Loyal customers are overcharged by £4BILLION says watchdog as it cracks down on firms charging a 'loyalty penalty'

19 December 2018

Loyal customers of financial firms are punished for staying with providers to the tune of £4 billion a year according to findings from the competition watchdog the Competitions and Markets Authority (CMA).

The findings have come as the CMA sets out proposals to take providers to task over the practice, which sees customers who stay with single financial providers charged higher prices year after year.

The CMA was prompted into action by charity Citizens Advice, which used unusual powers to issue a ‘super complaint’ in September.

The super complaint obliged the CMA to investigate as a matter of urgency the alleged customer loyalty penalty in five different financial services markets – broadband, cash savings, household insurance, mobile phone contracts and mortgages.

Its investigation has found millions of people affected by loyalty penalties.

In mortgages it found more than one million customers overcharged for their loyalty.

The insurance market is even worse, where it says 12 million people are affected.

The loyalty penalty occurs where customer deals and contracts roll over from initial periods and firms hike prices. But despite this many do not switch away and firms are able to charge them much higher rates than new customers.

Andrea Coscelli, chief executive of the CMA says: “Our work has uncovered a range of problems which leave people feeling ripped off, let down and frustrated. They shouldn’t have to be constantly ‘on guard’, spending hours searching for or negotiating a good deal, to avoid being trapped into bad value contracts or falling victim to stealth price rises.

“Millions of loyal or vulnerable customers are being taken advantage of each year by firms – and end up paying much more than they should do. This must come to an end.”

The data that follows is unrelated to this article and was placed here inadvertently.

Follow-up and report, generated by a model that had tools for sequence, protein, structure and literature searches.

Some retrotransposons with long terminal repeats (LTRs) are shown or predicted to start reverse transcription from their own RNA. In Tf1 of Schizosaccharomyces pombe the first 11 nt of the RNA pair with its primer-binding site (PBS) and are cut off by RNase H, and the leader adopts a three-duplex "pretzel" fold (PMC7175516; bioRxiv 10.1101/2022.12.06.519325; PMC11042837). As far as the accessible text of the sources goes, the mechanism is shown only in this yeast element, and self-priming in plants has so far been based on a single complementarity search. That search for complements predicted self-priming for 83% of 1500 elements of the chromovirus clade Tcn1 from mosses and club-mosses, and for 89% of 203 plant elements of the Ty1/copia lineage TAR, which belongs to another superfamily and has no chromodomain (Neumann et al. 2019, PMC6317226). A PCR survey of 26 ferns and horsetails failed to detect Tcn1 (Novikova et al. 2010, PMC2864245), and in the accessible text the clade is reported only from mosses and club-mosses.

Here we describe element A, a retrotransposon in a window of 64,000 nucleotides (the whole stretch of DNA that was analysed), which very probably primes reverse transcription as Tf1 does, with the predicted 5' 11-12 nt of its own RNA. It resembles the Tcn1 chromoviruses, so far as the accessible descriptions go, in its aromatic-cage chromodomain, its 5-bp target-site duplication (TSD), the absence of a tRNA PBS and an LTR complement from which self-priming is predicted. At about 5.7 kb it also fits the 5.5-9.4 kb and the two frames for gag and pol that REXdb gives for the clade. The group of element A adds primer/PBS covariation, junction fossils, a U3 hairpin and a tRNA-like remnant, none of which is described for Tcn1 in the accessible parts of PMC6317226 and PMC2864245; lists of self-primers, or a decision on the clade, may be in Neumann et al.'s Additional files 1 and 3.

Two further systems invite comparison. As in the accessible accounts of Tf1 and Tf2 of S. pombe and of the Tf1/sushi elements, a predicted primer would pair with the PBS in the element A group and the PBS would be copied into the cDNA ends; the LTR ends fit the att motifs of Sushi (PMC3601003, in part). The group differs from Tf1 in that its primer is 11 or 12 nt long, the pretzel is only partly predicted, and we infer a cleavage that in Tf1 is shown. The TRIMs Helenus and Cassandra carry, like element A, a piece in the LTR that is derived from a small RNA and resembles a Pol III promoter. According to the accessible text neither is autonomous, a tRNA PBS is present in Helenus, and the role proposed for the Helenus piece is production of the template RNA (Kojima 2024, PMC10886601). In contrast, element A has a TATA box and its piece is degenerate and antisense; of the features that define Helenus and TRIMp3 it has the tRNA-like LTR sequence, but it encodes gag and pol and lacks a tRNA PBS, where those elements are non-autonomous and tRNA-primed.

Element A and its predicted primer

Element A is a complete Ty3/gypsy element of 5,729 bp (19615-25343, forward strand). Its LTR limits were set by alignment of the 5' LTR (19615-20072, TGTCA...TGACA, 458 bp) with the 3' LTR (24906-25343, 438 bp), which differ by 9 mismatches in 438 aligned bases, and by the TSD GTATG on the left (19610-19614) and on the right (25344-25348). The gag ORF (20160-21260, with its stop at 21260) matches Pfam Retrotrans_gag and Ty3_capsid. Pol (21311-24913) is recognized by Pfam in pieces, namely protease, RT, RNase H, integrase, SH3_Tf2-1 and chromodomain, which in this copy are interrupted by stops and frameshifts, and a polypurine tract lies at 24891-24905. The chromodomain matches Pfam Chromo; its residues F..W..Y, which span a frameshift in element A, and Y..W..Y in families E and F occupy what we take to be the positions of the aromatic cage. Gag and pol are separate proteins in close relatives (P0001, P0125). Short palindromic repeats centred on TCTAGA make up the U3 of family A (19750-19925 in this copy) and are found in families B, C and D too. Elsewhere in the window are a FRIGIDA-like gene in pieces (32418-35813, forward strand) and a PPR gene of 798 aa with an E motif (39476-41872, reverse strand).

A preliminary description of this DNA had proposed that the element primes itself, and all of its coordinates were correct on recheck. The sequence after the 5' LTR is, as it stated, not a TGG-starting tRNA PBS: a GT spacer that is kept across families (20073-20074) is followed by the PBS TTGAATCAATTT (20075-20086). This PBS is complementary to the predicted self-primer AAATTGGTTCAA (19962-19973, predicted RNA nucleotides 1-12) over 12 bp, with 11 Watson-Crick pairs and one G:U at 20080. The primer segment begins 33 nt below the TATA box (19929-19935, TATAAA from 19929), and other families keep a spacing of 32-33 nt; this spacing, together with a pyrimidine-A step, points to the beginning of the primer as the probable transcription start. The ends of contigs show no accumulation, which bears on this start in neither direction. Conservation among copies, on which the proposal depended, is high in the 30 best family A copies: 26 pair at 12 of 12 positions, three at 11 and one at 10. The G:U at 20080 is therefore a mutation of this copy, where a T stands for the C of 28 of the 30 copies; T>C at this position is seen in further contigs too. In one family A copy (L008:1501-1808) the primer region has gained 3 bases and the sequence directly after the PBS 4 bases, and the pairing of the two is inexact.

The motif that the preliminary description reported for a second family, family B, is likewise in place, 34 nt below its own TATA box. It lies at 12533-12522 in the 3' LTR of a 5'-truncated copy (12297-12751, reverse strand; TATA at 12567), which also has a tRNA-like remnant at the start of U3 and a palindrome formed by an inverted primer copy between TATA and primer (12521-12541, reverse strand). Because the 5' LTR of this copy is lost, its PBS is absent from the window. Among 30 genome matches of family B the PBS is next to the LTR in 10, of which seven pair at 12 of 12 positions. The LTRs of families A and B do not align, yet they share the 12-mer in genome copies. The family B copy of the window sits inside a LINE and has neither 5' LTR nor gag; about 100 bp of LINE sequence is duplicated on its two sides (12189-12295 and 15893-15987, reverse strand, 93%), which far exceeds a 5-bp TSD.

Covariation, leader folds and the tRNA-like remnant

Tackling the loyalty penalty

The CMA has made several recommendations for action to the government and regulators of respective markets as a result. These include:

  • Using enforcement and regulatory powers to clamp down on harmful practices that prevent customers from obtaining better deals
  • Outlining key business principles across markets that protect consumers such as giving customers the right to leave contracts as easily as they enter
  • Holding firms publicly accountable for charging old customers more than new
  • Publishing the size of the typical loyalty penalty in markets to ensure customers are aware they are being overcharged
  • Price caps to protect vulnerable people worst affected by loyalty penalties

The CMA have also recommended to the Financial Conduct Authority (FCA) and Ofcom that mobile providers must stop charging customers the same rate on a pay-monthly contract once the cost of a phone included in the bill is paid off.

Lindsey Fussell, Ofcom’s consumer group director, comments: “We welcome the CMA’s report, which supports our existing work to protect customers, including our reviews of mobile handset charges and broadband prices, and our plans to require companies to tell people about the best tariffs available when their deal is ending.”